Jim Lange: And you would just prefer going back to…
John Bogle: No, I’d prefer naming Bogle a czar.
Jim Lange: All right, well, I’ll tell you what. Let’s name you the czar. What would you do right now to fix actually some of the problems that we’ve talked about, in terms of agency, in terms of protecting the public, in terms of conflict of interest?
John Bogle: Well, first of all, essentially, I would pass a federal statute demanding fiduciary duty by money managers, particularly institutional money managers who are managing money that belongs to other people, and that fiduciary duty would have something to do with focusing on prudent long-term investing. It would certainly focus on reasonable costs to the people who are giving you money to invest. It would certainly focus on low turnover instead of high turnover. Some of these things may be difficult to write. It would eliminate conflicts of interest in the business, which is another way of saying that we should no longer tolerate conflicts of interest in the money management business, and they are profound. If you look at the mutual fund business, and many of the institutions, around forty of them have public stock holders, of which around thirty-six are owned by financial conglomerates, great big international banking firms. The conflict there is these firms come in and buy a mutual fund management company, and they buy it at a higher return on there, that is to say the conglomerates capital, and they should be investing. They’re in a higher return on a mutual fund investor’s capital. But when you serve two masters, which I think it was Matthew who warned us against, No man can serve two masters, they serve the one who’s paying, that is, the management company, to which, I concede the fiduciary duty to their own shareholders. But they also have a fiduciary duty to those mutual fund shareholders. That conflict, my judgment, is intolerable. We just ought to demand a mandatory internalization of the mutual fund industry, or spinoff.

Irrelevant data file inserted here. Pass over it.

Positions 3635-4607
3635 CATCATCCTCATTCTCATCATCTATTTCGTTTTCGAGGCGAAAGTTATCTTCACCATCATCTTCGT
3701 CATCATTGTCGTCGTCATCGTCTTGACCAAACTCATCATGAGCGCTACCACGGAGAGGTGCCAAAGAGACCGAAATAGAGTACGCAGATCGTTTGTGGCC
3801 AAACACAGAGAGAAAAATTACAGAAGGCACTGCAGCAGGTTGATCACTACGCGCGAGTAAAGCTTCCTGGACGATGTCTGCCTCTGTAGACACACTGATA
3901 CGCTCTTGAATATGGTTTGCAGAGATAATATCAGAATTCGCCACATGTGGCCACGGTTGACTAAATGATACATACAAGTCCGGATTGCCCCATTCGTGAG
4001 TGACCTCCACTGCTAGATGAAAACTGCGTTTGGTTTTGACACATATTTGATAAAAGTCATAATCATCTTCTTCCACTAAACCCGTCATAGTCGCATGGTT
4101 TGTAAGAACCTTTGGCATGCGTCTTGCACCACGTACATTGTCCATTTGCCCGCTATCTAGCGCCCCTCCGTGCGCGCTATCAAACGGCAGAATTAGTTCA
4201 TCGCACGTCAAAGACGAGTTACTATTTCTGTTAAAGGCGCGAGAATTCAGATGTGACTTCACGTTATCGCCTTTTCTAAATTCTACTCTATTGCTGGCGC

Jim Lange: And would that conflict of interest also apply to even people at the retail level, for example, not necessarily mutual fund managers, but actually money managers where Mr. John Q. Public comes and says, “I’m interested in investing my money,” and right now, we have a system where there are fiduciary advisors, but quite a few so-called advisors are actually not working on behalf of the client, and is that something that John Bogle’s czar would also try to eliminate?
John Bogle: Yeah, I’m actually working on a group for, what we’ll call, registered investment advisors. These are people with individual clients directly that’ll require clear fiduciary duty standard for them, and we’re struggling with it a lot because the group that wants to include stockbrokers is having a fiduciary duty as their clients, which I’m afraid is impossible. You know, the stockbroker, how can he be a fiduciary if his boss calls up and says, “There’s a new underwriting at X Corporation and we have taken 10,000 shares, or 100,000 shares, and each of you guys in the room have to sell 1,000 shares. You quit, you’re out. The kids don’t eat. This is a transaction business.” So, it’s going to be very, very difficult to accomplish total fiduciary duty, so I think it’s going to have to finally be accomplished, I’m not sure about this, it has to finally be accomplished by a clear distinction that, in effect, says “I tell you, my brokerage client, I am not your fiduciary.” And that’s going to be tough for people to swallow. On the institutional side, interestingly enough, we already have fiduciary standard. In the1940 act, the Investment Company Act of 1940, our governing statute, and it’s said since 1940 that mutual funds must be organized, operated and managed in the interests of their shareholders, rather than in the interests of their officers, directors, investment managers and marketers. That is not being observed. Unfortunately, in the act, it’s like a principle in the policy section right at the beginning, and they never implement it. So, we actually have the statute if you want to argue it that way, and I would. Let’s just use it. Let’s apply it.